Coke Super Bowl ad called racist by Arab-American groups
It's the second Super Bowl XLVII ad to be called racist this week. First the Volkswagen "Get Happy" ad was criticized as being racist towards Jamaicans, now Coca-Cola has come under fire.
Arab-American groups have criticized the above ad that shows an Arab man walking through the desert with a camel. The man sees cowboys, "Mad Max"-type people and showgirls racing to reach a gigantic Coke bottle. Viewers asked to vote on which character should win the race, but the Arab character is not a choice.
Warren David, President of the American-Arab Anti-Discrimination Committee (ADC), says, "Why is it that Arabs are always shown as either oil-rich sheiks, terrorists or belly dancers?"
Imam Ali Siddiqui, President of the Muslim Institute for Interfaith Studies, writes to Reuters, "The Coke commercial for the Super Bowl is racist, portraying Arabs as backward and foolish Camel Jockeys, and they have no chance to win in the world.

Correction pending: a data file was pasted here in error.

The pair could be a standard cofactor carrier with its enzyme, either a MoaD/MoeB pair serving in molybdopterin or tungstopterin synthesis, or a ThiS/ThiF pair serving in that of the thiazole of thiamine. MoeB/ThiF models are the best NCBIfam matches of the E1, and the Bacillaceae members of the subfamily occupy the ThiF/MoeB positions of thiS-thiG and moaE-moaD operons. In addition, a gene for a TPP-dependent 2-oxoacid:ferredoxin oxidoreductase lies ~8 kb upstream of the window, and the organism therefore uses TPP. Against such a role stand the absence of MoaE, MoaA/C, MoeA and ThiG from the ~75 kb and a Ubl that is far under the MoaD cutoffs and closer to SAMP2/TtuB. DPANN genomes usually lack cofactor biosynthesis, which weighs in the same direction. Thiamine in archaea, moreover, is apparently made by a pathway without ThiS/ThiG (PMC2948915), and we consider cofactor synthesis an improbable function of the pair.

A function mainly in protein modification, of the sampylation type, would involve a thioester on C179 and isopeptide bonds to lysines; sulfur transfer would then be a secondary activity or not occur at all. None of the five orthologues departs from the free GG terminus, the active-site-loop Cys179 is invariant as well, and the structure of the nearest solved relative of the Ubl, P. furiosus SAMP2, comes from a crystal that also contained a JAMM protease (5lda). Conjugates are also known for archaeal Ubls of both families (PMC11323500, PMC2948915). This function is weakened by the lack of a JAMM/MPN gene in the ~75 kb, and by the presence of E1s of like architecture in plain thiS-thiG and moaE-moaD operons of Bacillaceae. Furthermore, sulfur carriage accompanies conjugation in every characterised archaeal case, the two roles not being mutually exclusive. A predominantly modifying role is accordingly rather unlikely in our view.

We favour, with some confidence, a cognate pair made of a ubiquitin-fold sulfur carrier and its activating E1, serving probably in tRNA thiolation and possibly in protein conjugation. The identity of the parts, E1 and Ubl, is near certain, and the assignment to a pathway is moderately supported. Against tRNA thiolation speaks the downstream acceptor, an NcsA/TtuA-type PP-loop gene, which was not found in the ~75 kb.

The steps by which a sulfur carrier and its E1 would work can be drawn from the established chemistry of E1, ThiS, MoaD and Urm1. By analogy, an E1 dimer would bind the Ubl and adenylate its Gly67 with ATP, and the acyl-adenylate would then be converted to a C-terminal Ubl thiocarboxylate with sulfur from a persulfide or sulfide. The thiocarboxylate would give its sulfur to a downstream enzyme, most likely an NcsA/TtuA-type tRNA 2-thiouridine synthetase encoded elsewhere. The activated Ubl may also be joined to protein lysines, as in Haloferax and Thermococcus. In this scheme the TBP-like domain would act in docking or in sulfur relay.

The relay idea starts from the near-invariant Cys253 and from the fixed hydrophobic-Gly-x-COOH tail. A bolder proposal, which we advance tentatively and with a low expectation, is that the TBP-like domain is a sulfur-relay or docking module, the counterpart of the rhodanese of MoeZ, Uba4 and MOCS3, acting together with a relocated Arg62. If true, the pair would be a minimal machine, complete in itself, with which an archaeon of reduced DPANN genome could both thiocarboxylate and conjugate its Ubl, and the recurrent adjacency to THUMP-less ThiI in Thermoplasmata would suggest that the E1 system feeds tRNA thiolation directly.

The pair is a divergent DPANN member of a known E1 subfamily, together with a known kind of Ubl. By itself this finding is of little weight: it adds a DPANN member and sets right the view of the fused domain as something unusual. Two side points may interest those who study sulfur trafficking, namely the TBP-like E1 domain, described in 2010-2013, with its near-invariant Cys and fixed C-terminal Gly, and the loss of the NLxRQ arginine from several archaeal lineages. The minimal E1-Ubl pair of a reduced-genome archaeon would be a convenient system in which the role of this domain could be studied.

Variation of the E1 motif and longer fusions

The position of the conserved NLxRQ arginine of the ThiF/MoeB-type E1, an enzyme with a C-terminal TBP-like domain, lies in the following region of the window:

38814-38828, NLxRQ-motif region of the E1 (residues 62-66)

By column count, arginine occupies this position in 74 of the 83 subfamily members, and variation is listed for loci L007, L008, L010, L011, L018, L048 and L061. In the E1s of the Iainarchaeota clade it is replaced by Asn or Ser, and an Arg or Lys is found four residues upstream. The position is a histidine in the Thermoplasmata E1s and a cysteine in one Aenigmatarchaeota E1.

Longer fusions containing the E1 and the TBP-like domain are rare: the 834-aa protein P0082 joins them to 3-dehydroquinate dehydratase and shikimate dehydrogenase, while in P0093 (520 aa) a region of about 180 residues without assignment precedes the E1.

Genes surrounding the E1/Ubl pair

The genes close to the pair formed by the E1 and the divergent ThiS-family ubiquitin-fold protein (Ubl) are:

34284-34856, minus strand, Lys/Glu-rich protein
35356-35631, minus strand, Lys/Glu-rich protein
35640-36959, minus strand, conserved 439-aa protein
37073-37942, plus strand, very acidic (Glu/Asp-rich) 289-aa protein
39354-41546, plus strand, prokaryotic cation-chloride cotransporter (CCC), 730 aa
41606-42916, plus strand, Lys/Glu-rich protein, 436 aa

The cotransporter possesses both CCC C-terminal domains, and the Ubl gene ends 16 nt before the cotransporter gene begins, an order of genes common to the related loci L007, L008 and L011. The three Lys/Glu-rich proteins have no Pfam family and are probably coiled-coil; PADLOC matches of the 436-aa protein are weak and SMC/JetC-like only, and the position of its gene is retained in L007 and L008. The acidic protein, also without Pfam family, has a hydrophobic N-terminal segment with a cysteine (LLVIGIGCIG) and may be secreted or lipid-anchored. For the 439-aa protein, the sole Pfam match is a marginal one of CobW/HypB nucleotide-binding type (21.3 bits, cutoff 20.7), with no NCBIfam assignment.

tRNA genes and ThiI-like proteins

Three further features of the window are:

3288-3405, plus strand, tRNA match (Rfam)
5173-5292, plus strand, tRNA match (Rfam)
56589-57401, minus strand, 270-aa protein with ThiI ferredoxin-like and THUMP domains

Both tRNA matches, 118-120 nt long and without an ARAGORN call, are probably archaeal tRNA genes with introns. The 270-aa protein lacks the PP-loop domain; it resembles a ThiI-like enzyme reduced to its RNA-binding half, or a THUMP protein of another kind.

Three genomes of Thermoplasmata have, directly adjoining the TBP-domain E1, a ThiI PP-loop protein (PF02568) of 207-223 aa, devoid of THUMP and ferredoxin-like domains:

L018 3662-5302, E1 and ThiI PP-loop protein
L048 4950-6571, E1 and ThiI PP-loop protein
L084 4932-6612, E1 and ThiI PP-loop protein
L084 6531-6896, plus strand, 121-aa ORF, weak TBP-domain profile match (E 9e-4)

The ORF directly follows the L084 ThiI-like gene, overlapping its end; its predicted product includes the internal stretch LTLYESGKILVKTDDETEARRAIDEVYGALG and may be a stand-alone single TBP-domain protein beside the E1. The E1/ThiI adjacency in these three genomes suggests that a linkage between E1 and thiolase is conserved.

"What message is Coke sending with this?" asks ADC's Director of Legal and Policy Affairs, Abed Ayoub. "By not including the Arab in the race, it is clear that the Arab is held to a different standard when compared to the other characters in the commercial."
Coke has responded through spokeswoman Lauren Thompson, who writes in an email, "Coca-Cola is an inclusive brand enjoyed by all demographics. We illustrate our core values, from fun and refreshment to happiness, inspiration and optimism across all of our marketing communications."
The ADC wants to know if Coke can fix this before Sunday's game on Feb. 3.
"Coke should understand and respect their consumers and have a better understanding of the market they are sharing," adds Ayoub.